The theater is one of many businesses in the growing 25-acre development on Eagle Road, south of Chinden Boulevard, where the successful T Sheets calls home. Boutique fitness studios took over some of the space, while a second office building is in the works, along with restaurants, an organic grocer and more.

“We've got the shop buildings, we’ve got restaurants coming in here. They’ll probably be open after the first of the year; Café Yumm, Red Bench Pizza, Stella’s Ice Cream. We’ve got Stretch Labs coming in as well. So those are businesses we've got deals or leases we’re working on right now,” Stephens said.

“We saw a need, you know, there’s high demand definitely on the restaurant side. And we are seeing that we needed something, however, to go along with office. Daytime populations are not enough to spur those businesses to want to locate there so the traffic on Eagle Road is a big component of that.”

Stephens says the movie theater is an entertainment/commercial anchor tenant that will cover evening and weekend crowds.

“Going back to experience, we want it to kind of not just busy at one time and everybody goes away. We want it to co-mingle throughout the day, if you will,” he added.

Adding jobs is also important, as Hawkins Companies is hoping to house 700 to 800 employees on site once they are built out.

However, some feel this will bring more traffic to one of the busiest roads in the state, Eagle Road; others say it won't add to what's already there.

“A lot of residents will say why are you allowing this because it is going to bring more traffic and some residents will say I'm glad we have a movie theater here, now I don’t have to drive to Meridian or Boise or wherever,” Mayor Ridgeway told KTVB, “And if we get more high-end restaurants then there’s more options and it will actually create more Eagle traffic inside Eagle, not going somewhere else. And the other side of that coin is people will say well there are more people coming into our town.”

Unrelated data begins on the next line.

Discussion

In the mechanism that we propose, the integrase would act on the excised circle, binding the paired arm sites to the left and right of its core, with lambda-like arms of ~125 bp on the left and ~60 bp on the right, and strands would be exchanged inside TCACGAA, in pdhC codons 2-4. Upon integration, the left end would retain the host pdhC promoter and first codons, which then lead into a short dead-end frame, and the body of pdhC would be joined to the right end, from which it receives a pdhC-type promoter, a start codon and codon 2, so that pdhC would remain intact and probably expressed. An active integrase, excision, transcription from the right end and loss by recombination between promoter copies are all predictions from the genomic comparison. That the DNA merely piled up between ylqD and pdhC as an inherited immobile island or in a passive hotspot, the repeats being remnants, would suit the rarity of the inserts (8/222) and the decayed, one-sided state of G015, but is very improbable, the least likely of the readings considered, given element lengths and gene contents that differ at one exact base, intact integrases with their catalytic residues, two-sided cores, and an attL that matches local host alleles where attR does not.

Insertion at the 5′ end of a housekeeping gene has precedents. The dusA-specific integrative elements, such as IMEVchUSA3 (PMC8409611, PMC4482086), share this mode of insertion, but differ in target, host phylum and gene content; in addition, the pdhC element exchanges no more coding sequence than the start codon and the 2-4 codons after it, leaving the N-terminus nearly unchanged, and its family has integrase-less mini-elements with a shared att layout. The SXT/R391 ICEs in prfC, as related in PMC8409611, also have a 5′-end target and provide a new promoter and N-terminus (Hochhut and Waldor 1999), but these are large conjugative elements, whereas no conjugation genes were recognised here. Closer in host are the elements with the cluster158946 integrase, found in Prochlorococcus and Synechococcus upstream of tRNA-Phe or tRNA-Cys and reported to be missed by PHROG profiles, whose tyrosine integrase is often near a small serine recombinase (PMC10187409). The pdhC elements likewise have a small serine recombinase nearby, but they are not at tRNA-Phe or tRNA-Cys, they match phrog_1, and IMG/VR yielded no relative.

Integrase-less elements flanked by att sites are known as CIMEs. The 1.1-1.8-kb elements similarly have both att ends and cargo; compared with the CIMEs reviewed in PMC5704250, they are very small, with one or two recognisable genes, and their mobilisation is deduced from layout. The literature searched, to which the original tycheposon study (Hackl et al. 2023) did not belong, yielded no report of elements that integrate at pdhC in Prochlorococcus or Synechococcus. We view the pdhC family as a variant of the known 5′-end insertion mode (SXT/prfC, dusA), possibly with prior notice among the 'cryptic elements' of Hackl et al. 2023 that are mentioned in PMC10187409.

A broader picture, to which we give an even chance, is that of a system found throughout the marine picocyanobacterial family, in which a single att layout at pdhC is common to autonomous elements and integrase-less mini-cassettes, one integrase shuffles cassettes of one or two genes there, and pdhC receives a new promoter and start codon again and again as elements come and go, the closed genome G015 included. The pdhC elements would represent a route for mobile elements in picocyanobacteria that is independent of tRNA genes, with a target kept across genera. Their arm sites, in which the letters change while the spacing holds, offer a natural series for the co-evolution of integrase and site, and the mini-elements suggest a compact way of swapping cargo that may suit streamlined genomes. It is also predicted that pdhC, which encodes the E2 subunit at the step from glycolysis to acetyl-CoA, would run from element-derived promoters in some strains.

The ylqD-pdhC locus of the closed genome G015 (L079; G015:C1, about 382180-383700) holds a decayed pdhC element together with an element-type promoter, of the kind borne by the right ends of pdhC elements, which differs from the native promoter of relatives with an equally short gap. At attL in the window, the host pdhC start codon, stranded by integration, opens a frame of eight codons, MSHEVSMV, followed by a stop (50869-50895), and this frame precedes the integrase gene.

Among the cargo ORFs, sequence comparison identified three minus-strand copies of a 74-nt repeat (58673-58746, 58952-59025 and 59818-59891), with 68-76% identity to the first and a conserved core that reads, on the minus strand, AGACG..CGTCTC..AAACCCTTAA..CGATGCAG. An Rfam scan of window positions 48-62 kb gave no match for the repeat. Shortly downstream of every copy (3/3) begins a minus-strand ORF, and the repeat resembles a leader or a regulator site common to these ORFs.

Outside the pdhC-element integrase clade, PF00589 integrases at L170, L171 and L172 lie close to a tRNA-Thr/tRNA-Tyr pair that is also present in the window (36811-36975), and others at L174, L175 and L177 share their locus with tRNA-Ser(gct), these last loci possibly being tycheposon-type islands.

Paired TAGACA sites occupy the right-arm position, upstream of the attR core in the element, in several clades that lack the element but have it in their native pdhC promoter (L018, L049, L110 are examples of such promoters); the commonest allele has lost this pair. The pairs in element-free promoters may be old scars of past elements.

“At this time I don’t see us adding to the traffic more than what it is already today,” Stephens added. “The theater, the restaurants – it’s the current demand, it’s the current population, current traffic patterns that are drawing them and wanting them to locate there.”

In the bedroom community with a rural nature, this development is a sign of the times, of inevitable growth.

“While we can’t necessarily control someone selling their property if it fits within the comprehensive plan that someone can build there, but we can keep our standards high and that’s what we're trying to do,” Mayor Ridgeway told KTVB.

Ridgeway says the city is really heavy in residential taxes and light in commercial, so he feels adding more of this will take some burden off homeowners.

“You need to have controlled growth, it just can't get out of control. There needs to be a compromise, a moderation of growth that continues. Otherwise the city is going to fail. They need to continually see growth as well,” Stephens said, “So we can't have no growth and we can't have out-of- control growth; it’s finding that compromise. And I'd say every city is different.”

We want to hear from you: What do you think about the theater or about traffic?